Thursday, January 27, 2011


I think I could make a habit out one truly decadent meal a year. Last year there was Chez Panisse; this year there's WD-50. In the haphazard way of the internet, I first read about the place from Nico Muhly's music blog, rather than Serious Eats or something like that (much like I've learned about books from Vanishing New York or musicals from Infrastructurist lately). This year, already overwhelmed by the material riches of Hanukkah (thanks for the bike, Mom and Dad!) I wanted a more intangible birthday gift so I suggested we go to WD-50...

Where we arrived yesterday at 6, the start of the evening. I have said it before about Chez Panisse and I'll say it here about WD-50: when you go to a fancy restaurant, you worry that they'll judge you. (My sister, half-joking, bowed out of this one, saying she thought she wasn't cool enough for them.) Luckily, just like the staff at Chez Panisse, the people at WD-50 are friendly and accommodating. The place itself is pretty laid-back and minimalist in decor--like a trendy diner, as my mom said. The bartender enticed us to have some water ("nice! ice-fresh! water!") while we waited for the table to be ready; the waitstaff described the components of our meals in a way that was informative and not at all condescending.

And what components they were! There are more technical words ("molecular gastronomy," anyone?) but I will just say here that everything at WD-50 looks like one thing but tastes like something else. Like my mom's appetizer of shrimp noodles, which look like noodles but are in fact composed of shrimp. Or the tasty dehydrated bayleaf cake that came with my dad's monkfish entree. And then there are the signature eggs--funny little dense delicious yolks, wisp-thin crispy Canadian bacon, and Hollandaise sauce in little crispy cubes which melt when you open them. My entree, pork loin, was somewhat less exciting to look at but still pretty tasty; I liked the paprika spaetzle and the crispy greens (I think they were chard) that visually resembled nothing so much as the little flags on cocktail toothpicks. My mom's cod was covered in nori, giving it a cryptic aspect; underneath lurked the cod and a delicious coconut peasoup type broth. It is the broths and sauces that really stood out; flavors that I wouldn't expect to love (celery mayonnaise!) were remarkable. Also worth noting is that the food was surprisingly filling; we'd joked about making a run to Katz's, but that was definitely unnecessary.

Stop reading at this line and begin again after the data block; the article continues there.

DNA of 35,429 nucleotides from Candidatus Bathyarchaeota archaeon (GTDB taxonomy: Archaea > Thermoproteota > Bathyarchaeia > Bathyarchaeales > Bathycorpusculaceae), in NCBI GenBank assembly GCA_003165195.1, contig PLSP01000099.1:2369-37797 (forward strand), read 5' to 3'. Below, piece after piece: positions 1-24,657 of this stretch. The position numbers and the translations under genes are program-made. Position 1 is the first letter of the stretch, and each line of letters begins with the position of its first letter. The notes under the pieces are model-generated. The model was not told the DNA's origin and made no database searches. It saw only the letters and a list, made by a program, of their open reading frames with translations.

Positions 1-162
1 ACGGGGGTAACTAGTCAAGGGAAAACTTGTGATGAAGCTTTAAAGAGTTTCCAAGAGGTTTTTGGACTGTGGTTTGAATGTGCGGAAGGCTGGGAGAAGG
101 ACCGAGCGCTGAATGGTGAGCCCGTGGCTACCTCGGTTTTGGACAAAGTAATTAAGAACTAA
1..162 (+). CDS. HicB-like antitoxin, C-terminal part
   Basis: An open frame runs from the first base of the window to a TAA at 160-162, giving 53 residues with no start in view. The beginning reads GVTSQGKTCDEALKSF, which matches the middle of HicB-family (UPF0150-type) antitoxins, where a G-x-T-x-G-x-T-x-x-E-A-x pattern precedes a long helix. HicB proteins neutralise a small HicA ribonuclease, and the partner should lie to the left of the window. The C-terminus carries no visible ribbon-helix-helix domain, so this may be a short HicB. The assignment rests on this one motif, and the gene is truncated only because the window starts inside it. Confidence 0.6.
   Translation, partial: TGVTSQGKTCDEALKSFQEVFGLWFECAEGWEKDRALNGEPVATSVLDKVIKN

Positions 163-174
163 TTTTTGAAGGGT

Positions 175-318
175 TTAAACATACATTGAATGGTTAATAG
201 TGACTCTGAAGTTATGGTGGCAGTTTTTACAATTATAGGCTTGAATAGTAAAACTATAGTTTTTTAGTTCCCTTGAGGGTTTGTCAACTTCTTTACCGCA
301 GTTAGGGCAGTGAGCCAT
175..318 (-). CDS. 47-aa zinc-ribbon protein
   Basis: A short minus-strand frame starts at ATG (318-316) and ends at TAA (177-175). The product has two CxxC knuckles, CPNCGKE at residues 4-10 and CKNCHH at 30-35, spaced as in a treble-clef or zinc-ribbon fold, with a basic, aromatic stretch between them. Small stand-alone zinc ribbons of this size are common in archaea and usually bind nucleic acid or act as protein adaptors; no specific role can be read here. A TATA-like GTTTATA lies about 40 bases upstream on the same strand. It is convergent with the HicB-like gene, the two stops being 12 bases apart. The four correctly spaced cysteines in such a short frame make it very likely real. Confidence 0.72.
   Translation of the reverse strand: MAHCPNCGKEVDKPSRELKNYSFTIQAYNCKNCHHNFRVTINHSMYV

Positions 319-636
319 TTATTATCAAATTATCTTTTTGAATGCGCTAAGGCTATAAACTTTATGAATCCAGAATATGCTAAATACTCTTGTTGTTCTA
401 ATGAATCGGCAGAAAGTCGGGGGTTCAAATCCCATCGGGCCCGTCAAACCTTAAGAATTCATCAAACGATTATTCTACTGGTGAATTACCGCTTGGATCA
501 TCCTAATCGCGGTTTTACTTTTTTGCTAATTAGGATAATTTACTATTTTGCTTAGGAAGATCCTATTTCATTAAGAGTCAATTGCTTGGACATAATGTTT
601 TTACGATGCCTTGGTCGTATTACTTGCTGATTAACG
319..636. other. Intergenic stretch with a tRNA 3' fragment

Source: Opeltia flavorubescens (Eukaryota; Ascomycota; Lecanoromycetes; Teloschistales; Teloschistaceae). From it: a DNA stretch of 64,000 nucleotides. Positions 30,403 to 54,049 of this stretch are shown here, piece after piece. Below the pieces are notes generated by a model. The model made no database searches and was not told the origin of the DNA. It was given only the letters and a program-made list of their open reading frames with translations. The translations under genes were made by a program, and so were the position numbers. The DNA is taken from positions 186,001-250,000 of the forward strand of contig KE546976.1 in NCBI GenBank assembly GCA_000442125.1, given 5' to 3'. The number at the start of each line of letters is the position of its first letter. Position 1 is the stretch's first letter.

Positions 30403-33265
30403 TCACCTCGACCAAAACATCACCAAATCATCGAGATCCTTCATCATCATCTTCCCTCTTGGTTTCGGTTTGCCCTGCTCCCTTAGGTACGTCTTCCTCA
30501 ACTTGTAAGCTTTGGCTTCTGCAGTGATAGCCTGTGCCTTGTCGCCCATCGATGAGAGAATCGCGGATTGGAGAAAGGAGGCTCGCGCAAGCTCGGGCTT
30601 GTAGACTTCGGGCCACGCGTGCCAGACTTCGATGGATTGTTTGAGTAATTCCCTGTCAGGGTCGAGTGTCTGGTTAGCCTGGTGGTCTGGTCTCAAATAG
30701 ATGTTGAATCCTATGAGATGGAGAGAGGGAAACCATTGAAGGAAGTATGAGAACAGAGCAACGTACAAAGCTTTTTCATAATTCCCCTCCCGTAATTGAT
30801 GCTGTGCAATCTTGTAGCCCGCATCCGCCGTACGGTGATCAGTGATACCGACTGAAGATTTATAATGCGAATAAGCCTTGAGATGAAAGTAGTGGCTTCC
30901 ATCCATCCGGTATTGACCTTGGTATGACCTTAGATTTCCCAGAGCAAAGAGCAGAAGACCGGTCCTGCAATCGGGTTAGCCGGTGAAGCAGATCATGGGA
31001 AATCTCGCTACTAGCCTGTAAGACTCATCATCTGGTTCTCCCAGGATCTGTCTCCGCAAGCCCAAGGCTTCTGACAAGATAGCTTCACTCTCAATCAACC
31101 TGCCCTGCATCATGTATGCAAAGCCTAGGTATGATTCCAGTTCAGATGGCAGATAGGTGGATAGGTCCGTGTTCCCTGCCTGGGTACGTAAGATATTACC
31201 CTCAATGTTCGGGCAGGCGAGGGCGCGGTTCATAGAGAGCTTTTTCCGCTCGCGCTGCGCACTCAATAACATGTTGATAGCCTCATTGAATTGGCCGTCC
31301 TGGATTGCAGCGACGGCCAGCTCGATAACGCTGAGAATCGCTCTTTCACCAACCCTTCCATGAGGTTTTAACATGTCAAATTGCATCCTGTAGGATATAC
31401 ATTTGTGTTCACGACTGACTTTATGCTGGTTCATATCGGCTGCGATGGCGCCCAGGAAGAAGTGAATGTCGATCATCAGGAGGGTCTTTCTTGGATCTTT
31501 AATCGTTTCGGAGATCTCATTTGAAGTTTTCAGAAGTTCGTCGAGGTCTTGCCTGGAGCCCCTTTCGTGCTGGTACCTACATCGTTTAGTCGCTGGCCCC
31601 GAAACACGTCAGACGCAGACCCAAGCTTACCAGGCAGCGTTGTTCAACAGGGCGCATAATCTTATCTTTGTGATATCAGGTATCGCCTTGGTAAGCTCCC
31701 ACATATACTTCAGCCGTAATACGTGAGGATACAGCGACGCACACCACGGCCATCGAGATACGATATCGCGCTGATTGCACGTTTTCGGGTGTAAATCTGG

Food consumed, we were on to dessert, also a feast for the stomach and the eyes. My aerated coffee ice cream was dotted with two textures of chocolate, crunchy pecans, and argan oil foam (who knew?). I am not normally a grapefruit fan but my dad's grapefruit curd struck just the right texture and sour-sweet note. My mom's milk chocolate cream came with malted milk ball halves that were airy and flavorful like nothing you have ever tried. And, while we were working on all these riches, a waiter came up quietly bearing a lit candle. "You have to make a wish," he said, "so I can tell you what it is." I duly did, and then he explained that the top of the candleholder is made out of some kind of coconut sorbet--which tasted hot and cold and light all at the same time--the bottom, a mousse.

I appreciated the discretion as well as the deliciousness of the moment--if you've ever witnessed a cowbelling birthday at Cowgirl Hall of Fame, another delicious favorite restaurant of mine, you've probably grown a bit wary of spectacle. And all the service was discreet and courteous in this way, with several of the staff asking how we'd enjoyed our meal. At the end, one of the waiters came up at the end of the evening and complimented my boots (thanks for the replacement pair, C.--!). He asked if that day was my birthday and I explained it was actually on Monday. His was on Tuesday; we exchanged birthday wishes and then I went home, wafting on a wave of complimentary rice krispy treat (meringue ice cream coated in rice krispy--probably my favorite part of the whole meal).

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